attached to the interpretation of the Convention to prevent trends that are

contrary to its spirit. In its reply, received on 4 September 2009, the

Government recalls that the labour legislation fully complies with the

requirement of Article 6(3) of the Convention by stipulating that, in the

employees‟ interest, the weekly rest is granted on Sunday (section L.3132-3

of the Labour Code) and indicates that it even exceeds the minimum standard

prescribed by the Convention by providing for a weekly rest of 35 hours

(section L.3132-2 of the Labour Code). Concerning the specific arguments

put forward by the CGT–FO, the Government maintains that:

(i) the re-codification of the text of the Labour Code did not aim at

extending the permanent exemptions to the Sunday rest rule but simply to

restate the criteria which had already been used for such exemptions and

which are the constraints of the production and the needs of the public;

(ii) the notion of needs of the public is not contrary to the provisions of

Article 7 of the Convention since the “nature of the service performed by

the establishment”, referred to in this Article, conveys the same idea.

Besides, the Convention requires regard to be paid to all proper social and

economic considerations, which may include the evolution of the needs of

the public;

(iii) Act No. 2008-3 of 3 January 2008 aims at promoting competition in the

consumer‟s interest. It was noted that due to changes in lifestyle,

especially in big cities, there is a high demand for visiting retail

furniture stores on weekends, hence the necessity to authorize these

establishments to open on Sundays;

(iv) no consultations were held prior to introducing the exemption with

respect to retail furniture stores for reasons connected with the

legislative process but also because the sector concerned is covered by a

collective agreement that provides for specific compensations in case of

Sunday work;

(v) Act No. 2009-974 of 10 August 2009 was adopted following the

recommendations of the Economic, Social and Environmental Council contained

in two reports prepared in 2007. As these reports concluded, Sunday no

longer constitutes only a day of collective rest but also a moment of

cultural enjoyment or leisure and suitable for shopping either as a family

or individually;

(vi) the new exemption concerning the tourist towns and areas builds on an

existing exemption simply extending its scope with a view to promoting

tourism. It will affect, at the maximum, an estimated 150,000 persons to be

compared with 6.5 million persons who are habitually or occasionally

required to work on Sundays;

(vii) the establishment of PUCE, or areas of exceptional consumption in

urban areas of at least 1 million inhabitants, is meant to respond to

existing practices of Sunday consumption. It will be subject to the

authorization of the Prefect upon the prior request of the municipal

council and on condition that a collective agreement fixes the

compensations to be granted to the employees deprived of their Sunday rest.

Approximately 20 areas are expected to be established affecting 15,000

persons. Authorizations are limited to five years which demonstrates the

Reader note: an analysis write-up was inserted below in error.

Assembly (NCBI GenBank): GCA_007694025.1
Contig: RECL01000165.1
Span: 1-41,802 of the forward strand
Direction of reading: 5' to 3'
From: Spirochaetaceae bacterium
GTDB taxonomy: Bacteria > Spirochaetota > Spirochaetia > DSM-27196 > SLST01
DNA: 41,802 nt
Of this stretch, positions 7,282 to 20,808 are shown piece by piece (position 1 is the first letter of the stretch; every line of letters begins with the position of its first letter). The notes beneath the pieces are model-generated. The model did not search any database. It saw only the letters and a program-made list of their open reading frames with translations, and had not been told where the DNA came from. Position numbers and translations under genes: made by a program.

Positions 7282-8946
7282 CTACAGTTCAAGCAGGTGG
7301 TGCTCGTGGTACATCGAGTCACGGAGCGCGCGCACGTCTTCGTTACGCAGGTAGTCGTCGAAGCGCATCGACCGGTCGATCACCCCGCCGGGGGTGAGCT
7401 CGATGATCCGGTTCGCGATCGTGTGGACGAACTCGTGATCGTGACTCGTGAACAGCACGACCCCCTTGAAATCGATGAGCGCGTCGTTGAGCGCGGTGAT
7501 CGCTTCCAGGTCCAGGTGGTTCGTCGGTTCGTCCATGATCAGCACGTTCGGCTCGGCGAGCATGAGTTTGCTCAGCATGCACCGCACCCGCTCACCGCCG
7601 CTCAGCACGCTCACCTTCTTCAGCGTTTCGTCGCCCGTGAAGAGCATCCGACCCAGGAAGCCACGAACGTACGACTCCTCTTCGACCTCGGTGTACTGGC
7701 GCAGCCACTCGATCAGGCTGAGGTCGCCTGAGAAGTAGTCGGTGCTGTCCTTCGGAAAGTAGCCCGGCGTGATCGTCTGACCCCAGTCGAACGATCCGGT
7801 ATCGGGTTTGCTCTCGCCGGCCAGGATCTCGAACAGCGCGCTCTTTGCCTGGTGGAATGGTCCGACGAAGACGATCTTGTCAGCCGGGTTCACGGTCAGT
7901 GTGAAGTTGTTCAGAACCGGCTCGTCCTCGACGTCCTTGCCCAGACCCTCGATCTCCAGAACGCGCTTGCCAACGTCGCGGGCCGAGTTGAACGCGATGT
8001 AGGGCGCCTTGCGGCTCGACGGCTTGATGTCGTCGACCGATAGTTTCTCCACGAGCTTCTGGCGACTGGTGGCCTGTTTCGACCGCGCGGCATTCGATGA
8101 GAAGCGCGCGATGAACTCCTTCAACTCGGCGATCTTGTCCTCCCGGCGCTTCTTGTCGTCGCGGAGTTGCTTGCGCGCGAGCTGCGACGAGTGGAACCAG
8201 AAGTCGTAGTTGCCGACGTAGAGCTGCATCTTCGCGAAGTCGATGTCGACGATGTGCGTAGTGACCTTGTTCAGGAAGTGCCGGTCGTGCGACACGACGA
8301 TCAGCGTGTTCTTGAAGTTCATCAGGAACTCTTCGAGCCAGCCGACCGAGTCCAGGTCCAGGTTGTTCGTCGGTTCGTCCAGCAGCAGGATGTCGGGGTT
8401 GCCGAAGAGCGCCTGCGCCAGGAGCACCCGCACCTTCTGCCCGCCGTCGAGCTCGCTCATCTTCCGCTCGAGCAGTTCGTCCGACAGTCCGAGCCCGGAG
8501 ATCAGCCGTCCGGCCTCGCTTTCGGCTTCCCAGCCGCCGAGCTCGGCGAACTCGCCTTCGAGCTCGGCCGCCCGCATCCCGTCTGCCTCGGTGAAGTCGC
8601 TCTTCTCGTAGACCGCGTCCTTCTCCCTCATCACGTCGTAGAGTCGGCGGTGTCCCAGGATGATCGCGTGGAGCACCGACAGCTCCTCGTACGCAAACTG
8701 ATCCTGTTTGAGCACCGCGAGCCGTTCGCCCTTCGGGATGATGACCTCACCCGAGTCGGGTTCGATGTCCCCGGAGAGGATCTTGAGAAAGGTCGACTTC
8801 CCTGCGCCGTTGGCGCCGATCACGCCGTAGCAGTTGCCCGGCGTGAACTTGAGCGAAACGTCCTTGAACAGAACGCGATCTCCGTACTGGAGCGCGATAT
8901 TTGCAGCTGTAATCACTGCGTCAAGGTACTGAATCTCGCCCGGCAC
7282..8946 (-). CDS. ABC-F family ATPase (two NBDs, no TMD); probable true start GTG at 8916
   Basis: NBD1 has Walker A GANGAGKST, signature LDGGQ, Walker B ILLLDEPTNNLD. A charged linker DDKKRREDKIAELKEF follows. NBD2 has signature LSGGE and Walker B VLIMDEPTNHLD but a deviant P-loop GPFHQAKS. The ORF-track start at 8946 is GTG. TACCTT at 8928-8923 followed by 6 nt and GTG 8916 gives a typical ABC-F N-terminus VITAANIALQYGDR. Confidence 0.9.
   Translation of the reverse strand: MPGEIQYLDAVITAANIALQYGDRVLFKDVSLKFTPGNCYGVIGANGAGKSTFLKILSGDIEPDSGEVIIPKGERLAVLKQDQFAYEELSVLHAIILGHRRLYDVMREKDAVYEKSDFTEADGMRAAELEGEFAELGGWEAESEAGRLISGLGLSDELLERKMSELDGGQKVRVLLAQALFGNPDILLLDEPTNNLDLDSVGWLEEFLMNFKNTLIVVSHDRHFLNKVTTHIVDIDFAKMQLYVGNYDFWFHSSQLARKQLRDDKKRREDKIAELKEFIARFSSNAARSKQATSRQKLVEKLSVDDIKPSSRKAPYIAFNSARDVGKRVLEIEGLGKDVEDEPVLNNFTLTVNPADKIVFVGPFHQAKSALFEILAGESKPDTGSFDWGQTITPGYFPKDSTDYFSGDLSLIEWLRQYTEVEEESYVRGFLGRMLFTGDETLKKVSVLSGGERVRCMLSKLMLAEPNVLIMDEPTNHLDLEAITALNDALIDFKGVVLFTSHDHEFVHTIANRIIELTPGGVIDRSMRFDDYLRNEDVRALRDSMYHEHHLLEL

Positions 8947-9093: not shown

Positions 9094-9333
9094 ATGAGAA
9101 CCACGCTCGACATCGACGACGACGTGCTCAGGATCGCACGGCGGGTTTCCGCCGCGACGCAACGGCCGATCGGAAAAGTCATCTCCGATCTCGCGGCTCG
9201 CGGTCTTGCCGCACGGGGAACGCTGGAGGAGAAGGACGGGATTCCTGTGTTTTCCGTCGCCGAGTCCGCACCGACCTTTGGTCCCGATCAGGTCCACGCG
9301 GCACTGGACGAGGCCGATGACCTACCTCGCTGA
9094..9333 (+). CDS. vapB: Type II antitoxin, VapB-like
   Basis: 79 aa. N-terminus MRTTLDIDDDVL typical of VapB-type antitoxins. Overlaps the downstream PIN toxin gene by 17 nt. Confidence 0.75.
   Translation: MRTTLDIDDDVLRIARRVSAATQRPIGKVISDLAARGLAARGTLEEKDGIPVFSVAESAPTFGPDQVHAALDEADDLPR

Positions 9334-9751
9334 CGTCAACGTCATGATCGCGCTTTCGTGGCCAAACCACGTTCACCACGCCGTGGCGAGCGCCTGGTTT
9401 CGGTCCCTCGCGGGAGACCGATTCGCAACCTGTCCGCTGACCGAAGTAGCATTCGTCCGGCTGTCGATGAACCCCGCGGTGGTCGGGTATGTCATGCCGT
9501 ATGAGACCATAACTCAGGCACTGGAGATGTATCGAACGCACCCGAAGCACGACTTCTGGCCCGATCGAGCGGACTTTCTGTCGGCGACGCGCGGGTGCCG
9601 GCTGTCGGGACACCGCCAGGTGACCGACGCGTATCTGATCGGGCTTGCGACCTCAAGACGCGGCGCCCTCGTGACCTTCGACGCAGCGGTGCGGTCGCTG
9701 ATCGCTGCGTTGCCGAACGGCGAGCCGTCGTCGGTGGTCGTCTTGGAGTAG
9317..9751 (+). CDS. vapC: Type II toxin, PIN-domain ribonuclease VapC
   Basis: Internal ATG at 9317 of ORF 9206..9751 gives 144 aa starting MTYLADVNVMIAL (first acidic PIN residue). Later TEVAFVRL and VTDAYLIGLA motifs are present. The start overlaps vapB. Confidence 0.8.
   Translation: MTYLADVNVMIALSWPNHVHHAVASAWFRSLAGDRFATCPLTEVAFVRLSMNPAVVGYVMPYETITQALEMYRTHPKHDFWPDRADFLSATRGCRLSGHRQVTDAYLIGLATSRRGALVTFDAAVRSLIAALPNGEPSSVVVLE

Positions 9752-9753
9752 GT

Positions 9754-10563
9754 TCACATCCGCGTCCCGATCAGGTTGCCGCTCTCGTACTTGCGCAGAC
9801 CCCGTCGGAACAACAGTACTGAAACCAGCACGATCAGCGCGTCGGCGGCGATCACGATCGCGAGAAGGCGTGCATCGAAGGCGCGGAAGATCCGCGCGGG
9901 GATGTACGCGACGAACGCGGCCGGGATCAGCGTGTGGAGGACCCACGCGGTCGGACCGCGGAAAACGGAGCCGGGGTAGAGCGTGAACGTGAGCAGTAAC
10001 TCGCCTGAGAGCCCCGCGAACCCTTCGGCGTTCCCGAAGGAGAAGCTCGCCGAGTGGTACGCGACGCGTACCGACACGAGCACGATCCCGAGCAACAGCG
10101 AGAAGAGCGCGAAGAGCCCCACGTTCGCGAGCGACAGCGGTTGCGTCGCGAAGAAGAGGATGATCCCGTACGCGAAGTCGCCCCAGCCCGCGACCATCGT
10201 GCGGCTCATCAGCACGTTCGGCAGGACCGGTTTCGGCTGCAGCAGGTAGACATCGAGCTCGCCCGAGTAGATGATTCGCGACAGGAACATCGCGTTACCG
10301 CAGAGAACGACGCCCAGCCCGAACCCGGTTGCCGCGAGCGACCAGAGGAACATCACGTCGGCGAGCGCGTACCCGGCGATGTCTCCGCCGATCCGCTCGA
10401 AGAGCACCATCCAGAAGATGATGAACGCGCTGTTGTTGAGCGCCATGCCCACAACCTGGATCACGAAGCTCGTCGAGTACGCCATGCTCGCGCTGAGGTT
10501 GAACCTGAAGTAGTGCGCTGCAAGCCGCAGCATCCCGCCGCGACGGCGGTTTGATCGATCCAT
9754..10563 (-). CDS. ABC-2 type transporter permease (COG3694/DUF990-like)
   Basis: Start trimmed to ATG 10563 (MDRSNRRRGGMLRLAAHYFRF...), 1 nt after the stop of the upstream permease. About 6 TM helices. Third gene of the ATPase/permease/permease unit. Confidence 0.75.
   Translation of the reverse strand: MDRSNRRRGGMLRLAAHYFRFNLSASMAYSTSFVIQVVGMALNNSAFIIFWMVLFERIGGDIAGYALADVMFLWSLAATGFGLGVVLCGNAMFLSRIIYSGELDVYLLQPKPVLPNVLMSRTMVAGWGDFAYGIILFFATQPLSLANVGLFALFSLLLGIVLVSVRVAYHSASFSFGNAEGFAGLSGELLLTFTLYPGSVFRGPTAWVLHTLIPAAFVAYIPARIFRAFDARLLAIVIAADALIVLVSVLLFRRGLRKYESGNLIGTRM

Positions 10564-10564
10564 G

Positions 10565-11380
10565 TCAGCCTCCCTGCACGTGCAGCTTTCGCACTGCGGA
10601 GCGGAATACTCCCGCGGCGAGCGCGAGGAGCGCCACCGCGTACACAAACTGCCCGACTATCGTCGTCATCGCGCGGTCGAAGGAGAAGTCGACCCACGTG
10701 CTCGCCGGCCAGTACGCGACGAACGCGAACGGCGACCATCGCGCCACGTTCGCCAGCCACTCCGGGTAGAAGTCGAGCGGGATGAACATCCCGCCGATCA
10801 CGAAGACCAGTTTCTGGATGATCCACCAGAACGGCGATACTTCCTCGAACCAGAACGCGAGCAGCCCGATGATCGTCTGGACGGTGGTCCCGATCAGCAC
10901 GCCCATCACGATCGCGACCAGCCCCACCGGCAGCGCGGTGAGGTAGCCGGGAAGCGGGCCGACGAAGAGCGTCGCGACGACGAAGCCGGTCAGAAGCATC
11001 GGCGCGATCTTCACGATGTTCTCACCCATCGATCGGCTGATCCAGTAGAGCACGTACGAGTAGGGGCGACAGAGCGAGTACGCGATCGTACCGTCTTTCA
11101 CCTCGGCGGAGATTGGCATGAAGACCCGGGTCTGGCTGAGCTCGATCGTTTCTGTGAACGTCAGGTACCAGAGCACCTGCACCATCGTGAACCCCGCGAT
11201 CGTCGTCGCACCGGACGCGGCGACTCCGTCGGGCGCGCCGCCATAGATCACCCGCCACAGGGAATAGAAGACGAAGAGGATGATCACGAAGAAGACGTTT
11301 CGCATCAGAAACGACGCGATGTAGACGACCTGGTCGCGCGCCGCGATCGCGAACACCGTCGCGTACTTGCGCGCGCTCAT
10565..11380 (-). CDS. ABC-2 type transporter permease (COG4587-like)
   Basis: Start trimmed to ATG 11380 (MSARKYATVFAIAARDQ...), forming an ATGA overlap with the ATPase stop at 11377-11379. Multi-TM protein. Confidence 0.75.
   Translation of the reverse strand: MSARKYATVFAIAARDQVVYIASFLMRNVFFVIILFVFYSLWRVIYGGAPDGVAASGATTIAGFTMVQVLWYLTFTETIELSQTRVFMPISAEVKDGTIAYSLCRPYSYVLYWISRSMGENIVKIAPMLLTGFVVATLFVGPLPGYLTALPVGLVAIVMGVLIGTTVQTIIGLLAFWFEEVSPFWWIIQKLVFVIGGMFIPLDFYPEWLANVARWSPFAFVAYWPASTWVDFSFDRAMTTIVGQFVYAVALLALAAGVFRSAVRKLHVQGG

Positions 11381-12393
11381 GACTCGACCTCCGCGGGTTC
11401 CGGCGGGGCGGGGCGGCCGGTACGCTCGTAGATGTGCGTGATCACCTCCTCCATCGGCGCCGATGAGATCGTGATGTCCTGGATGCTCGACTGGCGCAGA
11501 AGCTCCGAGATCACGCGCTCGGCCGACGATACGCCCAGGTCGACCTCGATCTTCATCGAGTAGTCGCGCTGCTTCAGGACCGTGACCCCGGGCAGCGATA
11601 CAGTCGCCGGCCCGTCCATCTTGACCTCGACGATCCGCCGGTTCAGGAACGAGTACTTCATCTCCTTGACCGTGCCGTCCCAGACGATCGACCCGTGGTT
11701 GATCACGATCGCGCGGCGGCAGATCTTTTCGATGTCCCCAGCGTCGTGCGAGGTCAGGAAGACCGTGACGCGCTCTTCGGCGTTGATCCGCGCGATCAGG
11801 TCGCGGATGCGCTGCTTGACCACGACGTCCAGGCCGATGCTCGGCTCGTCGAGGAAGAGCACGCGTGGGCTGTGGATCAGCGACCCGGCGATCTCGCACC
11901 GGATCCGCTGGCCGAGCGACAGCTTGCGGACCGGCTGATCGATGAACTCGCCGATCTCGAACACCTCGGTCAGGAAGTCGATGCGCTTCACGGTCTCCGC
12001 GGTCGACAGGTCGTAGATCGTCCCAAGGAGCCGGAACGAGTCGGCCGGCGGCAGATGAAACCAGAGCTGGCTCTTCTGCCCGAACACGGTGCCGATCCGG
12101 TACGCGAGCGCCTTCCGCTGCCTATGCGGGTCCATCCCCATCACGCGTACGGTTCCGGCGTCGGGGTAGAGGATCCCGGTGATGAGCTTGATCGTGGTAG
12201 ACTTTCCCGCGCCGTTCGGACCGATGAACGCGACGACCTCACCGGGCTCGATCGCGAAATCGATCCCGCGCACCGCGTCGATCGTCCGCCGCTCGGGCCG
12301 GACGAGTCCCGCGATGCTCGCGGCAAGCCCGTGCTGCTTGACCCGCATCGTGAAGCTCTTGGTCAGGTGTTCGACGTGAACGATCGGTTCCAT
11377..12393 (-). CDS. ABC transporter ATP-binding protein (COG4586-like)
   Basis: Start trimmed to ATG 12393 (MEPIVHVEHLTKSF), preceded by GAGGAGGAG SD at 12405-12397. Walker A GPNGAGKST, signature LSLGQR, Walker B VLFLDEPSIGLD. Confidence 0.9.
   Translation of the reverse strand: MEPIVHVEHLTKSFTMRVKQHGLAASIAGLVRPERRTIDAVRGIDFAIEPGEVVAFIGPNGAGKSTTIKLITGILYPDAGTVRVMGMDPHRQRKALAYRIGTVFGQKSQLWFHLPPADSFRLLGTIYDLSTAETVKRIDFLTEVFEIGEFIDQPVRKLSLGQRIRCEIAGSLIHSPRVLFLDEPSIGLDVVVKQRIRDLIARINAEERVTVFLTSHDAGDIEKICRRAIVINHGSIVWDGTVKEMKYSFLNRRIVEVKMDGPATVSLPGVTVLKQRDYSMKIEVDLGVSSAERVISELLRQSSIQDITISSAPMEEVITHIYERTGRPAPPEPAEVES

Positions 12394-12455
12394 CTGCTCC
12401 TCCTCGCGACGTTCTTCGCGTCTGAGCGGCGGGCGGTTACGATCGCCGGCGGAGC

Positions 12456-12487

exceptional character of the new measures while a six-member parliamentary

committee will present a report within a year as from the publication of

the new legislation in the Official Gazette.

The Committee notes the observations of the CGT–FO and the Government‟s

reply which relate to legislative developments impacting on the application

of Articles 6(3), 7(1) and (4), of the Convention. The Committee wishes to

recall at the outset that for the determination of weekly rest the

Convention is articulated around three basic principles, i.e. continuity (a

period of weekly rest comprising at least 24 consecutive hours), regularity

(weekly rest to be enjoyed in every period of seven days), and uniformity

(weekly rest to be granted, wherever possible, simultaneously to all the

persons concerned of an establishment and to coincide, wherever possible,

with the traditional day of rest). These principles are reflected in

sections of the Labour Code and there seems to be little disagreement

between the CGT–FO and the Government that the principle of Sunday rest is

a time-sanctioned and firmly grounded principle of the French labour

legislation. It is commonly accepted that a certain flexibility is

indispensable in applying this principle in view of the fact that in some

cases there is an imperative need to maintain certain units of production

operating around the clock, and in some others there is a manifest public

interest in receiving certain services on Sunday. The Committee is

therefore of the view that the different questions raised in the

communications of the CGT–FO ultimately concern the exact scope and

conditions of application of the permanent exemptions permitted under

Article 7 of the Convention.

The Committee recalls that Article 7 permits special weekly rest schemes,

including the granting of weekly rest on another weekday on a rotation

basis when the nature of work, the nature of the service performed by the

establishment, the size of the population to be served, or the number of

persons employed is such that the normal weekly rest scheme provided for in

Article 6 cannot be applied. In this connection, the Committee refers to

paragraphs 110–123 of the 1964 General Survey on weekly rest in which it

concluded that “an examination of the establishments covered by special

schemes shows that they are governed by three main criteria, i.e. the need

to cater for certain everyday consumer needs; the need to keep certain

establishments operating; and the need to make special weekly rest

arrangements for particular places or districts”. More concretely, the